We can fix this in one of two ways. First, we could list the stars in sentences with the names separated by commas. "The film stars are as follows: Anna Kendrick, Anna Camp, Rebel Wilson, Brittany Snow, Hailee Steinfeld, Hana Mae Lee, Esther Dean, Chrissie Fit, and Alexis Knapp."

Secondly, we could list the cast in columns similar to yours, including the character names.

"The film stars are as follows:

Anna Kendrick as Beca
Anna Camp as Aubrey
Rebel Wilson as "Fat Amy"
Brittany Snow as Chloe
Hailee Steinfeld as Emily
Hana Mae Lee as Lilly Onakura
Esther Dean as Cynthia Rose
Chrissie Fit as Florencia Fuentes
Alexis Knapp as Stacie Conrad

I just thought of a third option in which you use an equal sign in the place of the word, "as."

It has always been personally enjoyable to me to know the back-story of the actors in any movie I watch. For instance, I am aware, that Rebel Wilson is the daughter of one of the members of the 1980s pop band, Wilson Philips, who were in turn children of some of the members of The Beach Boys band from the 1960s. How could Rebel be anyone, but a singer?

Sentence structure affects the readability of our prose pieces. I am sensitive to this issue because I am naturally complex with my writing, but readers often like more simplicity than is natural for me. I have to work at appropriate levels of simplicity. Too much complexity and I put the reader to sleep. Too much simplicity and I insult the reader as though I am talking to a child. This is a fine and challenging line to walk.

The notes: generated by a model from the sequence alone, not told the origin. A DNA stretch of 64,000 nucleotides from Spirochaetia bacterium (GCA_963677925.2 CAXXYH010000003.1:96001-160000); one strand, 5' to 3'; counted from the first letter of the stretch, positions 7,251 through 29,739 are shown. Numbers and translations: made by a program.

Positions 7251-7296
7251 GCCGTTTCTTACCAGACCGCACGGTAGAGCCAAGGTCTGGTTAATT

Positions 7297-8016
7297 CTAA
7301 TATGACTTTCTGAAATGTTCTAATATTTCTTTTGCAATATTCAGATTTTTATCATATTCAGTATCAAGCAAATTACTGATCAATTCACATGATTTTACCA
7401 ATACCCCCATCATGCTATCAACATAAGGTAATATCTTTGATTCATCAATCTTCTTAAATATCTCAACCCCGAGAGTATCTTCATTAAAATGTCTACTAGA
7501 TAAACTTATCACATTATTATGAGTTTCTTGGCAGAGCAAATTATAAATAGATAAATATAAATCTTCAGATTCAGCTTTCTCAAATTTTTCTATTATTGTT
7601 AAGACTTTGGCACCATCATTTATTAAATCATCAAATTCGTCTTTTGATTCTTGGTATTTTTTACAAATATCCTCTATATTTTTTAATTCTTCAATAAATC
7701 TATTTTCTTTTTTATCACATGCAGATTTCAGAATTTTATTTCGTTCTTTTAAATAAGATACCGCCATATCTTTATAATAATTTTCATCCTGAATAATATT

For instance, your first narrative paragraph feels like one long run-on sentence, even though I count six periods. Let's look at this paragraph to see how we can make it clearer, giving room for the reader to breathe.

"Two years after graduating from college, the Bellas are reuniting to do one final performance during an overseas USO Tour. They all hate their jobs. Between the second and third film, Beca and Jessie's relationship ended; Bumper and Amy's relationship didn't last long either, which only made matters worse. After arriving at the reunion, they learned that Emily only invited them there to see the new Bellas, not sing. Later, the disappointed Bellas gathered at a bar to express how much they missed each other. Hoping that her father sees, Aubrey convinces them to join a USO tour."

Here are my suggested changes.
1. "The Bellas have been out of college for two years. They thought it would be good to do one final reunion performance during an overseas USO Tour."
2. "That would be a good respite since they all hate their jobs."